Romain Grosjean replaces Jenson Button at Grand Prix Drivers' Association

Formula One drivers Romain Grosjean and Jenson Button
Romain Grosjean has become a director of the Grand Prix Drivers' Association (GPDA)

Frenchman Romain Grosjean has replaced Jenson Button as a director of the Grand Prix Drivers' Association.

The Haas driver joins Ferrari's Sebastian Vettel and chairman Alexander Wurz in the leading roles after Button stepped down following his decision not to race in 2017.

Grosjean, 31, said: "I am proud to have been elected by my peers.

"We race drivers don't always hold the same opinion but we are united in wanting the best for our sport."

Grosjean's appointment means he will be campaigning officially for the introduction of additional head protection in F1, something to which he is personally opposed. The vast majority of drivers are in favour of such a system.

Grosjean said at the Russian Grand Prix last weekend that he was "not a fan" of either the 'halo' system - a metal structure that arches over the driver's shoulders and meets in a central point at the front of the cockpit - which has been proved to work but is meeting opposition, or the new 'shield' that was last week prioritised by governing body the FIA.

The FIA is committed to introducing additional head protection in 2018 but time is running out.

The halo, which has been extensively tested and proved to work, is unpopular, and the shield is still in its infancy and will not run on track until September - almost certainly too late for it to be adopted next season.

How will Grosjean do it?

Grosjean has already been active in pushing for additional head protection as a member of the GPDA, despite his own feelings.

BBC Sport has been told that at a meeting between the drivers and the new bosses of F1, chairman Chase Carey and sporting boss Ross Brawn sought close co-operation with the drivers on future developments in the sport.

Grosjean himself pointed out to Carey and Brawn they should use the GPDA as the body they dealt with because it represented the drivers' collective opinion, free of influence by the teams on political issues.

And Wurz backs the idea of debates and differing opinions so the drivers can have constructive conversations that establish a majority opinion.

Where does the GPDA stand on head protection?

The proposed shield will be at a shallower angle than the aeroscreen trialled by Red Bull last season

Head protection is just one small part of the GPDA's work in F1.

It also:

  • supports general ongoing safety development, not just because it saves lives but also because it ensures the cars can continue to be fast and test the drivers to their limits;
  • believes that safety should be the sole responsibility of the FIA and not be affected by political issues; and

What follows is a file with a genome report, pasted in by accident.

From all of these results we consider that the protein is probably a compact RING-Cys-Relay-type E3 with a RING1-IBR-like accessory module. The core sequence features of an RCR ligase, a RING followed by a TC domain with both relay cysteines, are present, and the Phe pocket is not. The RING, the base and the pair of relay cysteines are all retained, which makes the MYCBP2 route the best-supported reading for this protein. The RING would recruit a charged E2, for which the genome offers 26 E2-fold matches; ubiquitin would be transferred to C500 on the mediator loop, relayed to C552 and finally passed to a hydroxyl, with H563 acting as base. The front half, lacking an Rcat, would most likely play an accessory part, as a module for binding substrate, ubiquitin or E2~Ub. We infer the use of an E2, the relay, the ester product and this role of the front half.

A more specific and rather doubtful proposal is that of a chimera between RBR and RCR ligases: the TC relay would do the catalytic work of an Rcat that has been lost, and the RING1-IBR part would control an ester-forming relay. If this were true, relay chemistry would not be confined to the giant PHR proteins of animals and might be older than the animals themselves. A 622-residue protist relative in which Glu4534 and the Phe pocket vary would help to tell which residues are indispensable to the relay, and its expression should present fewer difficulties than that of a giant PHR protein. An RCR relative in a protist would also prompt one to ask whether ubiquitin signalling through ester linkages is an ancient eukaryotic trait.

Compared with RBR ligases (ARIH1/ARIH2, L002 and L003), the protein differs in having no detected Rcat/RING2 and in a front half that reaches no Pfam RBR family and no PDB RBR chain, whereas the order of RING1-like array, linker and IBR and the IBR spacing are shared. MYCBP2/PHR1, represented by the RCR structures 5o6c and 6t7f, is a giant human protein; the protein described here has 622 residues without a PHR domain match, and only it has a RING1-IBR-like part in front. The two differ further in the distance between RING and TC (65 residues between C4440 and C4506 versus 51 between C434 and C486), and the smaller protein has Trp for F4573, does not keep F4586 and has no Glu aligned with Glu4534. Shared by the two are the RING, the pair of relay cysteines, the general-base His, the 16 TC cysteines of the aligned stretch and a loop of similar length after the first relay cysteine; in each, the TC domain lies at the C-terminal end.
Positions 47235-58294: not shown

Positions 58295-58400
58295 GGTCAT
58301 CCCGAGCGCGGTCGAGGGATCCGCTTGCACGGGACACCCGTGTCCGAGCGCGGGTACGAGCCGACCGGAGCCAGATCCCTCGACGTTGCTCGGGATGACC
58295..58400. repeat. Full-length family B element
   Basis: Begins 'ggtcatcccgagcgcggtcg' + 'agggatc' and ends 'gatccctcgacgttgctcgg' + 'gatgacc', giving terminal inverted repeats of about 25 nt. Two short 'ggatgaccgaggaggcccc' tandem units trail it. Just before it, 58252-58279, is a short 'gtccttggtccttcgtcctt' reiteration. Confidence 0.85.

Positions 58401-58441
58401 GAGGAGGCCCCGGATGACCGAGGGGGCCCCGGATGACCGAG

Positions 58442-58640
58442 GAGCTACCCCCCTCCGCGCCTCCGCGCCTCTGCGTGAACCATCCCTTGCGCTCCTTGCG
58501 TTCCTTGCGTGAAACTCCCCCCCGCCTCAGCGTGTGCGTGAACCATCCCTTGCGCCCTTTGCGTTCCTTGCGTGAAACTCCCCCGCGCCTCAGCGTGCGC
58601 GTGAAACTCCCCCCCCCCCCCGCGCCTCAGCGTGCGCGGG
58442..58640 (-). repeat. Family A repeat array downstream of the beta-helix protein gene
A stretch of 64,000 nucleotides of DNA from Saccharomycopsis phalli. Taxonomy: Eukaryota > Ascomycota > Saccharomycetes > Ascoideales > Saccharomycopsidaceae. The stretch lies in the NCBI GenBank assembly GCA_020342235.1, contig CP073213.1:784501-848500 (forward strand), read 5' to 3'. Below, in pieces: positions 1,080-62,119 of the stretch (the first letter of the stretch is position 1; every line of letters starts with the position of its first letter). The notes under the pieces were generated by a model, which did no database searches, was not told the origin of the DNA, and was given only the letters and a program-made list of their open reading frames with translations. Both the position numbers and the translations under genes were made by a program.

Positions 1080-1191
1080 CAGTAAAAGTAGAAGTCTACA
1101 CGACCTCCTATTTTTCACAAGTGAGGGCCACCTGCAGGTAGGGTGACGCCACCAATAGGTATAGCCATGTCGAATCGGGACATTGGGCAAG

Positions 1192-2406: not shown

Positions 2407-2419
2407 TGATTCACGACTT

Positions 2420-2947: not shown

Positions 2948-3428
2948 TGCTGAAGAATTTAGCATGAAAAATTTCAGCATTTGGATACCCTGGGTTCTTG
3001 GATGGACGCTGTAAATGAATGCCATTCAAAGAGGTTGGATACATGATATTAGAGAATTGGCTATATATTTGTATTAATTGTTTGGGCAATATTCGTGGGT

• campaigns for changes that it believes would improve the sport for spectators.

But Wurz said he feared the debate over head protection had been politicised.

"Drivers prefer to support F1, and that means some topics should not be debated in the media, because safety should at no point become a political matter, as the halo has become," Wurz said.

"This comment is not about whether the halo is the right or wrong thing to do, but about the general process of developing a new safety device in F1."

The halo was initially developed by Mercedes, and was followed up by the FIA and the teams with the aim of reducing the risk of head injuries.

But the debate has widened into whether it is the right approach philosophically for F1.

It was initially slated for introduction in 2017 but was delayed by a year so further tests could be carried out. These were all passed successfully but now the shield system has been given priority and some insiders suspect that a move is being made behind the scenes to delay head protection again.

What about other issues?

Formula One in action during the Russian Grand Prix
The new regulations in F1 have made the cars bigger and faster

Wurz said the GPDA backed the direction F1 had taken in 2017, with new rules producing faster, more demanding cars.

The drivers were instrumental in campaigning for the introduction of tyres on which drivers could push hard for many laps at a time, replacing the previous design which needed careful management.

He added that the GPDA was also supportive of Brawn's desire to research new aerodynamic rules that would allow cars to follow each other more closely, and of the general direction of F1, as laid out by Carey to the drivers in meetings since the new owners took over in January.

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